Re: More accurate data (Re: Stonehenge Hidden Landscape Project - Cursus/HeelStone solstitial alignments) Jon Morris - 16:18 01/12/11
"Hmm - the azimuth of the (assumed) west pit from the Heelstone is over 311, which is a degree north of where summer sunset is today.

That means the alignment must date from a time when the Earth's axial tilt was near its maximum of 24 21' (but we've got to assume my overlay of the preliminary geophys results is exactly right, which it may not be - wish there were OS grid refs of the pits available right now)."

But then the East pit has the wrong date?

http://mikepitts.wordpress.com/2011/11/29/view-from-the-heelstone/#comment-956

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jonmorris

Re: More accurate data (Re: Stonehenge Hidden Landscape Project - Cursus/HeelStone solstitial alignments) Simon - 22:43 01/12/11
We're operating in an information vacuum - attempting to deduce alignments from a couple of images with no proper georeference data. It's fun, and interesting, but ultimately not very much use.

The image from the 2010 preliminary report at least had OS grid ticks along the margins, the ones overlaid on the Google Earth backdrop I don't trust as much (because I have little confidence in Google Earth's accuracy in the orthorectification of aerial photos).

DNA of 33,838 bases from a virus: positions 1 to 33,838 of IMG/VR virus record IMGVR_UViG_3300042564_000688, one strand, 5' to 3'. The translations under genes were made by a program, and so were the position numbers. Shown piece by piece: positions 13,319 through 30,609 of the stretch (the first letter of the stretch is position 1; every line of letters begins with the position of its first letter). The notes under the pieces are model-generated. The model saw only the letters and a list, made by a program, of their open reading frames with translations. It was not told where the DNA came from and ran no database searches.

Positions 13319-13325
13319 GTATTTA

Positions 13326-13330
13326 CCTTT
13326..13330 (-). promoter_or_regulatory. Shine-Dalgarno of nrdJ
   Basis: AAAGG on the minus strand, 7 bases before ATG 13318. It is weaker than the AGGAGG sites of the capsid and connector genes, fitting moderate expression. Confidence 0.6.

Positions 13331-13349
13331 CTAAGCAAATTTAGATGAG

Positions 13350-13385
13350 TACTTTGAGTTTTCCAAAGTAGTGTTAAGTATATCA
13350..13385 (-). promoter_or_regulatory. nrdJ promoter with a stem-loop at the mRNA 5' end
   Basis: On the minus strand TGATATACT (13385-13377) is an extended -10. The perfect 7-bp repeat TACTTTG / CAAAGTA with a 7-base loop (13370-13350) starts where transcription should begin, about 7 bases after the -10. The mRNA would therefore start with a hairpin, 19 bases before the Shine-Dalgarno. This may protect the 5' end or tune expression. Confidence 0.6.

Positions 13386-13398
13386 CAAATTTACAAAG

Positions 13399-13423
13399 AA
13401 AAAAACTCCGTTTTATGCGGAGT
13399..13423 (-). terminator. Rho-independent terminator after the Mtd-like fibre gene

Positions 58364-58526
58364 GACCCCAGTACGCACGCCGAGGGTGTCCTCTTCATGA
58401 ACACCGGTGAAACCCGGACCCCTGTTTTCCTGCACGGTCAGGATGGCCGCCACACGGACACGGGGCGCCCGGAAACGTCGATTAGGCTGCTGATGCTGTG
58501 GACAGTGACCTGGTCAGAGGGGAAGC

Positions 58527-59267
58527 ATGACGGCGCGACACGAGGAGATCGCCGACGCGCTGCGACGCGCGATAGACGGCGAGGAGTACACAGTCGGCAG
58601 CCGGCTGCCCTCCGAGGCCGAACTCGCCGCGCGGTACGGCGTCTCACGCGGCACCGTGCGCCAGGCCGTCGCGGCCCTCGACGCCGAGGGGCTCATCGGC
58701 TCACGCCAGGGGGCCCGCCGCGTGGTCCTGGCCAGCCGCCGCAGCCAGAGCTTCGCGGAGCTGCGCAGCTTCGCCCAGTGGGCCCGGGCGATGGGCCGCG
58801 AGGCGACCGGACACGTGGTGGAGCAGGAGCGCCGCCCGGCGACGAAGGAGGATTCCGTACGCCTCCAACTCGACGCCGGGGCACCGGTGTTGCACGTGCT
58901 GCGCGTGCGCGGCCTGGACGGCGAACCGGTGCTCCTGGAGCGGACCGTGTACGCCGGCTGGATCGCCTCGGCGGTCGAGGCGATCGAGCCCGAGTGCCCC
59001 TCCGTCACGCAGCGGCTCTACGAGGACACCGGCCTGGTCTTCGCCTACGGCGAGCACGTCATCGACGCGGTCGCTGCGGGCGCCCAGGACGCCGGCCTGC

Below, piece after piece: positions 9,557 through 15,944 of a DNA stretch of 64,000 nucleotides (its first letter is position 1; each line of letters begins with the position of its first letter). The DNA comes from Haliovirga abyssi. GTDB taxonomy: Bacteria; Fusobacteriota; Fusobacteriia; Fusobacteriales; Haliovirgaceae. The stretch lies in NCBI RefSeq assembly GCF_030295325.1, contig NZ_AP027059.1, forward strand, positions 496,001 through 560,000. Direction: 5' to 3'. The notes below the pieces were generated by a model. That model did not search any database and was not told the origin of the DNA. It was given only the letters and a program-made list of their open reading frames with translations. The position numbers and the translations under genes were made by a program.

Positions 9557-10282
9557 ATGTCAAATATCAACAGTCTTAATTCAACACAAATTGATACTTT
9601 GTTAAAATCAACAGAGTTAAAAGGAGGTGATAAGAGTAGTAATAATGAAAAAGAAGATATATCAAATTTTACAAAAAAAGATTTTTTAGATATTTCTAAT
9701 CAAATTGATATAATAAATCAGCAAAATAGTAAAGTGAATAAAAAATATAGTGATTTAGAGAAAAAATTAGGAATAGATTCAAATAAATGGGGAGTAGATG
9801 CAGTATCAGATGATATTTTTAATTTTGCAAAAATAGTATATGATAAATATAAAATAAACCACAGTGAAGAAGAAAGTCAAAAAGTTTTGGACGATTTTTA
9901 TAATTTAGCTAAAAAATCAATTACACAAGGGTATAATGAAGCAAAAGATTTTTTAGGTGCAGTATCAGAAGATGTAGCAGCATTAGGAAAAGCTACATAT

I do not understand why the project doesn't make available the OS coords of the supposed pits. I look forward to an actual paper being published that might shed some light on this.

Then there's the horizon altitude to consider in each of those directions which could easily affect the angles as pointed out in your comment on Mike's site (sunrise and sunset are not necessarily symmetric about the meridian unless horizon altitude is exactly the same in each direction), the possible viewing locations (at the Heelstone? SE/SW of the Heelstone on each alignment?) and even whether the builders intended a precise or simply a symbolic alignment (the "near enough is good enough" approach).

Finally, I simply don't buy the processional route midpoint theory at all.
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simon

Re: More accurate data (Re: Stonehenge Hidden Landscape Project - Cursus/HeelStone solstitial alignments) Jon Morris - 07:48 02/12/11
I pretty much agree with everything you've said

Not sure about using google for checking either but the same result comes out from other mapping systems and those results also appear to correlate with the results of the methodology that you used.

I don't buy the processional theory either.

Rgds

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jonmorris